Nettle is found mostly wild but it can be started with seeds or propagated and planted. In Alberta, foragers can come across big patches of nettles since they grow quickly once they take root. The leaves look a little like strawberry leaves or mint leaves with scalloped edges.

Medicinal Uses

The "stings" were used to treat rheumatism sufferers. When brewed like a tea, nettles have been listed as a diuretic, a blood purifier, and an antibacterial. It is a reliever of respiratory problems, gout, anemia and poor circulation. Nettle leaves contain Vitamins A and C, iron and calcium.


Indigenous tribes used nettle not only for tea but as a fibre like hemp or flax. It was made into nets, thread, rope, paper and cloth.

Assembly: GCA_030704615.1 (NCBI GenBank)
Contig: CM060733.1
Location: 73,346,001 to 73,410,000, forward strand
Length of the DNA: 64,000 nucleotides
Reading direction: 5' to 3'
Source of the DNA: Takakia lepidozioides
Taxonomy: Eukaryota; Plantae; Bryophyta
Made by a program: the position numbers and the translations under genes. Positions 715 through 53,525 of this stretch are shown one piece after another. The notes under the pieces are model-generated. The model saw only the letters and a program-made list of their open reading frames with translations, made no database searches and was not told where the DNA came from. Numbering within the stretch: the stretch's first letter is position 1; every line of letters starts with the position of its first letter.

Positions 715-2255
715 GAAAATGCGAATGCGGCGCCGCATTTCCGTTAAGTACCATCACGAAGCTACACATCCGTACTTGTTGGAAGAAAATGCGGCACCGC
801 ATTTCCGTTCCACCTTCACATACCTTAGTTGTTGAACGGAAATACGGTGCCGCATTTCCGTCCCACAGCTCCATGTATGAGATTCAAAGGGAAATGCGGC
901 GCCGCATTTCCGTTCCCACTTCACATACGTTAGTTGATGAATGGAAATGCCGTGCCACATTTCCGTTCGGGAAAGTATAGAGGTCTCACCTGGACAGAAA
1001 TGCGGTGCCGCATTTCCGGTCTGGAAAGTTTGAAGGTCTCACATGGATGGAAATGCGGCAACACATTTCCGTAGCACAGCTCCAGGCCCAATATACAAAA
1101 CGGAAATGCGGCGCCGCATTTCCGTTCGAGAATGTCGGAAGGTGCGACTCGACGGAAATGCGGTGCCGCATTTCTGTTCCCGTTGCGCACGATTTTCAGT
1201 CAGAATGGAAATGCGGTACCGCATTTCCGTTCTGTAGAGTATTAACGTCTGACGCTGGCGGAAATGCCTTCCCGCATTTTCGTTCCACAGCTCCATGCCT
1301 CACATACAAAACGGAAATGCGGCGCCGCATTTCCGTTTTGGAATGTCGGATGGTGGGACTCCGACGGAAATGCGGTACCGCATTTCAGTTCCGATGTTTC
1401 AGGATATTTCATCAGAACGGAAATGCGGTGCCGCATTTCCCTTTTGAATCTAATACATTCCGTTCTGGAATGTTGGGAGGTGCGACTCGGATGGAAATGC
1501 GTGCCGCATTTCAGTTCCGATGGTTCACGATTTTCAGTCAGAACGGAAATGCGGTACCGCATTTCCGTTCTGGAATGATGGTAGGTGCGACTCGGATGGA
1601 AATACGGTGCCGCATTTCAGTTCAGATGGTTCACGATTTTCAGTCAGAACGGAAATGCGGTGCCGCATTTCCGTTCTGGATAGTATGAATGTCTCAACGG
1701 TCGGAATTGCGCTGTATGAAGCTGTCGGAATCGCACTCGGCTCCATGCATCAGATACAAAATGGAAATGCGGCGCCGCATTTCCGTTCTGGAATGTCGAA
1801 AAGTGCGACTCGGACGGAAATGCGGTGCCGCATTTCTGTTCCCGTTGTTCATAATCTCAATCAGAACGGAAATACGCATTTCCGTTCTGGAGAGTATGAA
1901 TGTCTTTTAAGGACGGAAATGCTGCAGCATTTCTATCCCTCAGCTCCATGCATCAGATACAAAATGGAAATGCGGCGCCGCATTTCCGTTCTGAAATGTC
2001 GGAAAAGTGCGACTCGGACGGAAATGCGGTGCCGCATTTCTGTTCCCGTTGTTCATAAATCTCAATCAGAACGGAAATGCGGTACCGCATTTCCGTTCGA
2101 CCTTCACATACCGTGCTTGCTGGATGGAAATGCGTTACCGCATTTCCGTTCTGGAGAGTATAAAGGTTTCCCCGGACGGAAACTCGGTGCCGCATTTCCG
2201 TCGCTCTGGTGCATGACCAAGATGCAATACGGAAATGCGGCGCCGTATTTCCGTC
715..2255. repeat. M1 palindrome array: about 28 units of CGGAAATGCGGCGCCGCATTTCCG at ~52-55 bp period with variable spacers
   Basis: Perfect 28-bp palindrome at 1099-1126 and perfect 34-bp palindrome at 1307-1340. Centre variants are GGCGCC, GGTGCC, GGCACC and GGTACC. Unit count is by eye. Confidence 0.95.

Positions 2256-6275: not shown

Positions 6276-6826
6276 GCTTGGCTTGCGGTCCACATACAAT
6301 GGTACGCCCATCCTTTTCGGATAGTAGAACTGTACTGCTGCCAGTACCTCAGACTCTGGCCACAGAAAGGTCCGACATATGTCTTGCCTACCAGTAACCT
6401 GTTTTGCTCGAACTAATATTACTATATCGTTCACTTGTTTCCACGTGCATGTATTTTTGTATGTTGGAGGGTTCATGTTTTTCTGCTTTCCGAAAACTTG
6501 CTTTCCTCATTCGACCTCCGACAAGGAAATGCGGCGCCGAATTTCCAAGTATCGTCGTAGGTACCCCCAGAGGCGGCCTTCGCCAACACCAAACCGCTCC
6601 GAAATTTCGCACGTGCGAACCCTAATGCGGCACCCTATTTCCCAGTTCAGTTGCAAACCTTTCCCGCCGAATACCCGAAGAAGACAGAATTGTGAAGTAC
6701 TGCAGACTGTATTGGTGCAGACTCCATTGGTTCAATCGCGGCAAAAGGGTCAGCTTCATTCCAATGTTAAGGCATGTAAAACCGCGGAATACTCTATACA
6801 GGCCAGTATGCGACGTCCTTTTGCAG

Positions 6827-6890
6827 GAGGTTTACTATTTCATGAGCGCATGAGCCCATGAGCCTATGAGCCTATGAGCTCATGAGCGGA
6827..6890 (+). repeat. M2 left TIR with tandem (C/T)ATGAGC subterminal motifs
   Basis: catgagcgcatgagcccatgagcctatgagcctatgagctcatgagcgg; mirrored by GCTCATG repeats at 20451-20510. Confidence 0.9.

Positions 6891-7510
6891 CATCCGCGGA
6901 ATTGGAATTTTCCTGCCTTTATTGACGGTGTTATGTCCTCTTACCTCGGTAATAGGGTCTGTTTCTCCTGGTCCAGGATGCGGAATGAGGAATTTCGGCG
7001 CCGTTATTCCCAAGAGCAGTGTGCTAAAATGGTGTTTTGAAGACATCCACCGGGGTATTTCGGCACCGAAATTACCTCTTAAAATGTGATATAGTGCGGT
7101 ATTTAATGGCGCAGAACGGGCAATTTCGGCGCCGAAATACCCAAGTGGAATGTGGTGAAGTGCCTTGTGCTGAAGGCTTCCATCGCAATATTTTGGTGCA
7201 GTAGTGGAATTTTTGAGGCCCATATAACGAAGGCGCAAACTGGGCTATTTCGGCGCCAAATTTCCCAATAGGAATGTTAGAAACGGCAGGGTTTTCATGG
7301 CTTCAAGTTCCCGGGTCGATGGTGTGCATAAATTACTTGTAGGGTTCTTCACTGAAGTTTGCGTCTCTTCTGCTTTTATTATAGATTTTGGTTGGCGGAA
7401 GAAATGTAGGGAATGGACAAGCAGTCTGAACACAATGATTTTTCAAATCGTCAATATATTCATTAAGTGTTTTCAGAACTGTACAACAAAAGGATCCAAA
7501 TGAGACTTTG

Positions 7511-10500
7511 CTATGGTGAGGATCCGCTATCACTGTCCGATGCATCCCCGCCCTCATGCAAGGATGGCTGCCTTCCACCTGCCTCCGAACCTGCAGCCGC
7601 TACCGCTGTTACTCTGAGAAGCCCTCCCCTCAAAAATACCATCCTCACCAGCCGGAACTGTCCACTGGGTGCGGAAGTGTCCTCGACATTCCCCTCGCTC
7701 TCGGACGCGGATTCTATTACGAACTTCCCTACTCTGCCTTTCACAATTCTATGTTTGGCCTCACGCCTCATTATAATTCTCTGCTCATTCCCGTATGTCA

The water used to blanch nettles can be used for tea and has historically been used for making wine and beer.

Fun Facts

Nettle juice contains rennet which is used as a coagulant in cheese-making. You would need a big harvest for that!

Ways to Cook

Nettle leaves are much like spinach in how they can be cooked. Think sautéed, used as stuffings and fillings like spanakopita etc. If you can carefully remove the stingers from the stems (by rubbing them between 2 layers of cloths) then the stems can be also sautéed, made into soup, puréed like pesto, or added to salads. They taste like other greens and cruciferous vegetables but have a slight tingling to them.

Safe Handling

To remove the spikey hairs, blanch or dry the nettle. Wear gloves until the plants are hair-free.

More on Cooking Nettles

Some of our favourite videos

Edible & Medicinal Plants of Canada p 312.

The Secrets of the Seed Vegetables, Fruits & Nuts pp. 89-90.